The actual prices at which Russian oil is sold may be lower than those reported by Russian officials and most independent experts, according to Benjamin Hilgenstock, an economist at the Kyiv School of Economics and a member of the Yermak-McFaul sanctions expert group. According to the classified Russian customs data he has been able to consult (which is confidential in Russia), a barrel of Urals crude was selling for an average of just $61.50 in September and $59.10 in August. A barrel of ESPO crude, on the other hand, went for $71.50 and $68.40 in those respective months. Thus, on average, Russian oil cost $67.50 per barrel in September and $63.70 in August. The Russian Ministry of Finance, however, claimed that the average price of a barrel of Urals crude in September was $83.08 and $74 in August. Estimates from the International Energy Agency (IEA) came closer to those of the Ministry of Finance. In August, Urals crude averaged around $71 per barrel. Given that oil was generally cheaper in August than in September (at $86 compared to nearly $94 per barrel of Brent), Hilgenstock and the IEA's assessments diverge significantly.
Hilgenstock's figures closely align with the price caps established by the European Union and G7, which stand at $60 for oil and $45 for petroleum products. In August, the price structure of Russian exports started to diverge, with 48% of shipments adhering to the price cap and 52% selling at higher prices. Before that, the price cap was being observed. The discrepancy in Hilgenstock and the IEA’s estimates could be attributed to the fact that the agency does not receive data on transactions that factor in the price cap. In turn, the Ministry of Finance may not account for such transactions because Vladimir Putin has prohibited Russian exporters from complying with sanctions.
Hilgenstock's findings run counter to the common belief that the price cap has effectively ceased to function, and the discount on Russian oil has diminished to a minimum. It is assumed that the sanctions against Russian oil likely worked up until July, discounting Russian oil to the Brent price, but then as prices moved upwards, the discount shrank sharply and Russian oil began to be sold at prices well above the price cap. It follows that the effect of the sanctions on Russian exports is limited only by higher transport costs (it is more expensive to ship oil to India and China than to Europe) and likely discounts for Indian and Chinese resellers, as well as the costs of the shadow fleet (Re: Russia has detailed how this was created and how it is organised). Hilgenstock himself had previously shared this perspective.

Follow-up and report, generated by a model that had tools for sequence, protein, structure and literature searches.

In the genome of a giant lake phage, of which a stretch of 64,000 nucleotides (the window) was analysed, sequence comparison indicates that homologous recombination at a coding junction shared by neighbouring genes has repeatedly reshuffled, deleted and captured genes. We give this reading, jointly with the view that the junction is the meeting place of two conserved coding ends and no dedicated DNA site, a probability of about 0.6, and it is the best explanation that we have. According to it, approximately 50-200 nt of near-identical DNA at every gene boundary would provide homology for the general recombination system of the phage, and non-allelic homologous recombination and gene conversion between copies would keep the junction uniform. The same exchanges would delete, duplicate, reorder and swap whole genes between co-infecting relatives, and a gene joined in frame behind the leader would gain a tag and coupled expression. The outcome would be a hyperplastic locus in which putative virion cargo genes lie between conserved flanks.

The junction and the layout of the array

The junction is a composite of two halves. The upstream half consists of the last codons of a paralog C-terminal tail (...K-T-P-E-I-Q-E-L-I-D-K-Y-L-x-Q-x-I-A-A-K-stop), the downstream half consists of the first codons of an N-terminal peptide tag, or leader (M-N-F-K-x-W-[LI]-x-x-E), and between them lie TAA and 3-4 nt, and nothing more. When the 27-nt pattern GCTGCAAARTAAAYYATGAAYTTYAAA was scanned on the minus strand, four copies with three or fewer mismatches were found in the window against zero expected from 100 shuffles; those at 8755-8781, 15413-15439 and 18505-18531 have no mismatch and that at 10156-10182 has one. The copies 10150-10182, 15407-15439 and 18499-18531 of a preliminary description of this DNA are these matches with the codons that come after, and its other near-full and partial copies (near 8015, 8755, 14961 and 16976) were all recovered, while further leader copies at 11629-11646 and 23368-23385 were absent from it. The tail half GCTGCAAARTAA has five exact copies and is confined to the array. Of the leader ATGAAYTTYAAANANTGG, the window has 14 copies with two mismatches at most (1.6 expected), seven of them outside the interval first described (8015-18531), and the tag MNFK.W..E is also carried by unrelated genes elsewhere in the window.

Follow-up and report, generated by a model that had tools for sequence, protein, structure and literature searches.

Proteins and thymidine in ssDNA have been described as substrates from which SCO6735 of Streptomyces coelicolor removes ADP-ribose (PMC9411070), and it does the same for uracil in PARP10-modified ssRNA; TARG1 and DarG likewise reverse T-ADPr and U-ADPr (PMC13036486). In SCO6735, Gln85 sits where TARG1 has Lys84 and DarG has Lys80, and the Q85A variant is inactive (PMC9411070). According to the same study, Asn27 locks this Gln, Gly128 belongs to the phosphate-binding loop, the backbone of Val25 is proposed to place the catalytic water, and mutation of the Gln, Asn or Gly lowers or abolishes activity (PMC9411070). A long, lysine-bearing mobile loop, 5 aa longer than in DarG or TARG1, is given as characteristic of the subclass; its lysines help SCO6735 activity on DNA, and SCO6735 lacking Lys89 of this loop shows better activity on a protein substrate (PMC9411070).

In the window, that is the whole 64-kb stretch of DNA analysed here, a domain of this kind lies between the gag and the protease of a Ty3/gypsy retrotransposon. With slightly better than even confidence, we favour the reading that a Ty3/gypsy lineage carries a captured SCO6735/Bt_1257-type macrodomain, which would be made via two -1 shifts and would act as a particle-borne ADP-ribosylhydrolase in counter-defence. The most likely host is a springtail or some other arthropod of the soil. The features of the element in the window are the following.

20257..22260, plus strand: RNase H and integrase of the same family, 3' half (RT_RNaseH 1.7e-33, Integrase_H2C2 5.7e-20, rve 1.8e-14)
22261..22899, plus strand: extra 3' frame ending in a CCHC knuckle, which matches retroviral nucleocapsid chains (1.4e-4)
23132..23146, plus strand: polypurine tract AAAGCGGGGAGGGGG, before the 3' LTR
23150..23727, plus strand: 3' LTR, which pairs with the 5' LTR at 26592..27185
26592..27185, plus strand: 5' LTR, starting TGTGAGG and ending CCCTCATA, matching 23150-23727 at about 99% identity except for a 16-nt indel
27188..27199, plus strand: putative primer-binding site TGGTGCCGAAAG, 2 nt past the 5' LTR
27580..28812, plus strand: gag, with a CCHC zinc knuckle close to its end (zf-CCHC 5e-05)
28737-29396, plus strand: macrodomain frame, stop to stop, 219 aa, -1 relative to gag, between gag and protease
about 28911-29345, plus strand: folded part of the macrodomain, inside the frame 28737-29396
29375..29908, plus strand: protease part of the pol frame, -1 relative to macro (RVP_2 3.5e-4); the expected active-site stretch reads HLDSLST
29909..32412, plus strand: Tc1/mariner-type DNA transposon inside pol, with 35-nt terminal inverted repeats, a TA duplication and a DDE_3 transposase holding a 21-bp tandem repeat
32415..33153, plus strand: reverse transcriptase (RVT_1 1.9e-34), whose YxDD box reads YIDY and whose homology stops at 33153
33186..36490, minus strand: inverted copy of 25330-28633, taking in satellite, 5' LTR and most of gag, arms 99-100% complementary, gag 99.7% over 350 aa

The Russian Ministry of Finance anticipates that the average price of a barrel of Russian oil will exceed $71 in the coming year. The Central Bank, in its 'Basic Monetary Policy Guidelines for 2024–2026,' has provided a more conservative estimate of $60 per barrel of Urals on average for the year. Nonetheless, the regulator has pledged to present a new version of the forecast following the release of the 2024–2026 budget, which envisages a significant increase in both expenditures and revenues. The government believes that oil and gas revenues should increase by 30%, and non-oil and gas revenues by 19%. However, if Hilgenstock is correct, these plans begin to look overly optimistic.
In any case, Russia's revenues from oil and gas exports are increasing (although, this is according to data from the Ministry of Finance, which has diverged from customs data), and the prices at which a significant portion of Russian oil is sold remain unknown. Recently, there have even been proposals to abolish the price cap altogether. For example, the Bloomberg analyst Julian Lee has argued that the use of a shadow fleet has created an environmental disaster risk, as the transport of Russian oil relies on old, rusty tankers that are likely not adequately insured. However, former US Treasury official Ben Harris, who is considered one of the architects of the idea of the price cap, has proposed tightening control over the shipping market, particularly by regulating insurance for vessels carrying oil through controlled Danish, Turkish, and Egyptian waters. At the same time, he suggests raising the price cap for the time being and adjusting it more frequently by monitoring the market situation.
In October, the United States imposed restrictions against violators of the price cap for the first time, targeting two shipowners from Turkey and the UAE. The Price Cap Coalition, which unites the architects of the cap, has called on maritime market participants to monitor compliance with the restrictions more closely. According to expert estimates, the existing number of tankers is sufficient to transport slightly less than half of Russia's required volume. This may explain the discrepancies in the data regarding the price of deliveries. If the price cap is indeed effective, Russian companies will have to expand their fleet. However, they have thus far been buying tankers from European shipowners, which the sanctions coalition is able to influence. It appears that the primary focus of tougher sanctions will be on combating the Russian shadow fleet and efforts to expand it.